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Jos Buttler admits to 'hurt pride' after England's Test thrashings

Jos Buttler during England's training session Getty Images

Jos Buttler has admitted the reaction to England's defeat in the Caribbean has left the players with "hurt pride".

Buttler, England's vice-captain, conceded it had been a "really disappointing tour" from an England perspective and accepted that Darren Bravo's determined innings in Antigua had been "a good example" to England's batsmen.

But hearing England's coach, Trevor Bayliss, question the side's "will to fight" and "guts and determination" was especially "stinging" to the side, according to Buttler, and left them wanting to prove him wrong.

"It has been a really disappointing tour so far," Buttler said. "We have played well under what we are capable of and what we expect of ourselves. We have not been able to soak up areas of pressure West Indies have put on us and we haven't got anything going in partnerships. Those are the areas we need to improve this week.

"Were Trevor's words stinging? Yes, of course. As a player, when those kind of things are questioned, it can hurt your pride. You want to prove him wrong.

"Darren Bravo showed lots of guts and courage on a tough wicket. It was a good example of a way of playing and being brave. He took lots of blows. And sometimes that is what it takes.

"But the guts, courage and determination of the group is very strong. We have not been good enough to show that at times on this tour. This week we will be looking to show lots more of that."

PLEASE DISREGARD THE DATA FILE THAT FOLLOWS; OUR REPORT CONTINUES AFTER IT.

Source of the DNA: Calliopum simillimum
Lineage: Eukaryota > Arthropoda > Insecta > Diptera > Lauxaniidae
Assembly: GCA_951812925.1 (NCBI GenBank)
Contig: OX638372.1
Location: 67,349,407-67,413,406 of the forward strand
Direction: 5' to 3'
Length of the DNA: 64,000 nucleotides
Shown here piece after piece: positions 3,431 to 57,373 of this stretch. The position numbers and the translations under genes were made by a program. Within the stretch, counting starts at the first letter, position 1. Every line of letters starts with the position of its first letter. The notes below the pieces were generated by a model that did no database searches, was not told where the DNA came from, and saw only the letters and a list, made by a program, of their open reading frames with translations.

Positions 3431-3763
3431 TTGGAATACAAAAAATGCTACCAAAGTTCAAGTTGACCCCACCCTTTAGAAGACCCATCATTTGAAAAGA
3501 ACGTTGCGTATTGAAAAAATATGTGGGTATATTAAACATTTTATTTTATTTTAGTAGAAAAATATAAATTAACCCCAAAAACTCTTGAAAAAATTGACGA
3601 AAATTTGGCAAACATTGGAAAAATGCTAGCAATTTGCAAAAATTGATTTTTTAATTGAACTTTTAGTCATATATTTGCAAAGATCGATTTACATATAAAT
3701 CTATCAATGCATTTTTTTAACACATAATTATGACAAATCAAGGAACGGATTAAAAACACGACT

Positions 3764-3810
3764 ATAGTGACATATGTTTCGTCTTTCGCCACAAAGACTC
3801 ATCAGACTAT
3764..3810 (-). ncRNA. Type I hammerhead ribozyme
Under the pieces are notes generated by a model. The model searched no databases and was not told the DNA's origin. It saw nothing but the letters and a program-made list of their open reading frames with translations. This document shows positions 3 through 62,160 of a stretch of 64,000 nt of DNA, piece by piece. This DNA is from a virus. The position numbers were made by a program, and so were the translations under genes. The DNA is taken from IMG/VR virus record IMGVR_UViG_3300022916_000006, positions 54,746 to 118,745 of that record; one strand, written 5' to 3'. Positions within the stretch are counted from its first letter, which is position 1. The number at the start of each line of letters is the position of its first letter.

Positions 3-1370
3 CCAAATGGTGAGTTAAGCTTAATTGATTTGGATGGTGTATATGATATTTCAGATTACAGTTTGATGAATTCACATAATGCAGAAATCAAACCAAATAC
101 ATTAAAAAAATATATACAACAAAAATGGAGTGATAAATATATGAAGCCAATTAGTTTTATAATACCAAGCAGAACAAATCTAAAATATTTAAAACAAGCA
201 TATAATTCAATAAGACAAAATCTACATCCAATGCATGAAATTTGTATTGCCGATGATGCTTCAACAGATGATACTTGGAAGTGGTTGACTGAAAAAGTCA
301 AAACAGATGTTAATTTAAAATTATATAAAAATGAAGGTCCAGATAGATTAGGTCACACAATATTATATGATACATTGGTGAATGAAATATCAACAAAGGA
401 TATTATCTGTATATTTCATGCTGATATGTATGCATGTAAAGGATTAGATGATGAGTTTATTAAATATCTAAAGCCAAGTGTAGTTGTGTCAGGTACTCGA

While there has also been criticism of England's aggressive approach in Test cricket, Buttler insisted it was not the approach that was wrong as much the execution of it. So while he believed England's "bold and attacking" style had brought the side a fair amount of success, he also accepted they had to get better at adapting to conditions.

"The plan isn't changing," Buttler said. "We just have to play better.

"If I look back at the games I've been involved in since I came back into the side, the conditions have been fast-forward cricket. That style of being bold and attacking has paid dividends at times.

"But we have to be smarter and adapt to our conditions. You're always trying to adapt to conditions and play the situation accordingly and we've been way off with that. The commitment side of things is a big part of it, to commit to your style of playing as an individual and a group.

"In international cricket you will come up against lots of different situations and lots of different conditions. The real skill of the best players and best teams around the world is they adapt to those conditions better than the opposition. As a player and as a team you're always reviewing that logically: are we getting that balance quite right? That's another area the team can improve."